We found many similar comments from people that had been tricked into paying for and downloading a fake application.
To further prove that something is deeply wrong, one of the many publishers of these scam applications just calls themselves “Google Chrome”, and they make a dozen fake applications.
Worse yet, the Windows Store is now integrated with the system search feature. Search for an application using the Start screen search or search charm and these garbage apps from the Windows Store will appear. For example, whenever I use the system search feature to launch Firefox, I see a link to install “Firefox Training Lite” from the Windows Store.
No one needs a Windows Store app that will charge for Firefox tutorials when tutorials are available all over the web for free. Windows desktop users shouldn’t have this junk shoved in their faces.
Microsoft hasn’t been encouraging quality apps. Instead, they just want quantity. In March, 2013, Microsoft ran a promotion where they paid developers $100 for each app they submitted to the Windows Store or Windows Phone Store. They paid up to $2000 to each developer. Here’s the page from Archive.org describing the “Keep The Cash” promotion. Microsoft has scrubbed the official pages about this from their MSDN website.
So, if you’re a developer who spent months creating an amazing app, you only got $100. if you’re a developer who could pump out twenty terrible apps in a few weeks, you’d get $2000. Microsoft’s promotion encouraged developers to do the minimum amount of possible work and create a bunch of bad apps.
We don’t know for sure whether any of these scam apps netted their developers some bonus money from Microsoft. But we can see that Microsoft’s attitude towards the Windows Store is quantity over quality. They just want a large number of apps without caring how good they actually are.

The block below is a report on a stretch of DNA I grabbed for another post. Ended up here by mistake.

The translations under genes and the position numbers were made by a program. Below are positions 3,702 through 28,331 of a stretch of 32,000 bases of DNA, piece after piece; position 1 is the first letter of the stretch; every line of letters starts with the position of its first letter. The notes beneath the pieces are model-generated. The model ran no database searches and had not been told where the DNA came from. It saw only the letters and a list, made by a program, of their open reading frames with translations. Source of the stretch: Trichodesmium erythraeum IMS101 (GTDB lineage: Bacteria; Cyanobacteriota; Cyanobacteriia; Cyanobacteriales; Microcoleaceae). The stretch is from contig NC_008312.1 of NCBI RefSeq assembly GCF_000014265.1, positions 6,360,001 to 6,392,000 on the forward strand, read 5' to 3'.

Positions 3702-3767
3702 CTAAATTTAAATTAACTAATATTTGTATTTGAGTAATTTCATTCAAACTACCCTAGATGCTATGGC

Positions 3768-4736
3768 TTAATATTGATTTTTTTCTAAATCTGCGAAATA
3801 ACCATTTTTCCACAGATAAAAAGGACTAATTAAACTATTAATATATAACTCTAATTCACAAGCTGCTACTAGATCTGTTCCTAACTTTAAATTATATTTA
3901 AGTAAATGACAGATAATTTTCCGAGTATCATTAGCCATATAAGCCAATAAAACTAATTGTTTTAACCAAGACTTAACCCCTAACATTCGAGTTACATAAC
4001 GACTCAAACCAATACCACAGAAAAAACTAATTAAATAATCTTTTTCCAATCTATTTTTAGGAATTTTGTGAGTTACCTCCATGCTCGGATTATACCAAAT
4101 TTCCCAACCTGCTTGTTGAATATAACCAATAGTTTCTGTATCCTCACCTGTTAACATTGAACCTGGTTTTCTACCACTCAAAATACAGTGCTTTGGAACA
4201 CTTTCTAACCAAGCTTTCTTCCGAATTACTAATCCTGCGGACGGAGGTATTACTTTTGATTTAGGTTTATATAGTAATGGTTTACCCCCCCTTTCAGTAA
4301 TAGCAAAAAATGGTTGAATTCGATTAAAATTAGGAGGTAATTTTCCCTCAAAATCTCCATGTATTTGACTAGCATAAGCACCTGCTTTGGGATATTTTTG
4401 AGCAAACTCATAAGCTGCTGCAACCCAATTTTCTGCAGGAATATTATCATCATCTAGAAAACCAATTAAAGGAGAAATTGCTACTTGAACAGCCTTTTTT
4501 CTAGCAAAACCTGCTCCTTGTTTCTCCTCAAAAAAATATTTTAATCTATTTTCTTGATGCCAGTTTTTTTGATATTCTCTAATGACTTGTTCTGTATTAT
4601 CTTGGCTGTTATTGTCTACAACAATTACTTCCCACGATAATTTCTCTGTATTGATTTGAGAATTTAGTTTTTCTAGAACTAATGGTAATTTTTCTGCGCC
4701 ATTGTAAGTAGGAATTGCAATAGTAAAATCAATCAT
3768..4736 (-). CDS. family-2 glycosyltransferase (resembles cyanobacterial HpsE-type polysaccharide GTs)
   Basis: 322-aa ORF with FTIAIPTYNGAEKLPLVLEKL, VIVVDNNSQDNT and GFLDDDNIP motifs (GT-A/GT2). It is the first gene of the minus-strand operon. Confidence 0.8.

Microsoft trumpeted reaching 100,000 apps, then 200,000 apps, and then finally 400,000 apps in April, 2014. (This is for the Windows Store and Windows Phone Store combined.) They want a large number of apps so they can talk about how big the Windows Store is. If they actually removed all these scam apps, their store would be smaller.
By now, we’ve all hopefully realized that just looking at the number of apps in an app store is meaningless. What really matters are the apps people want to use and how good they are. Getting to 400,000 apps by allowing a store full of scams is not something we should applaud Microsoft for.
Here’s one of the most shocking parts of this. People from Microsoft are actually examining each of these scammy apps, checking their content, and approving them. Here’s part of what Microsoft says happens whenever a developer submits an app to the store. This is part of the “Certification” process that checks an app before it’s available to users: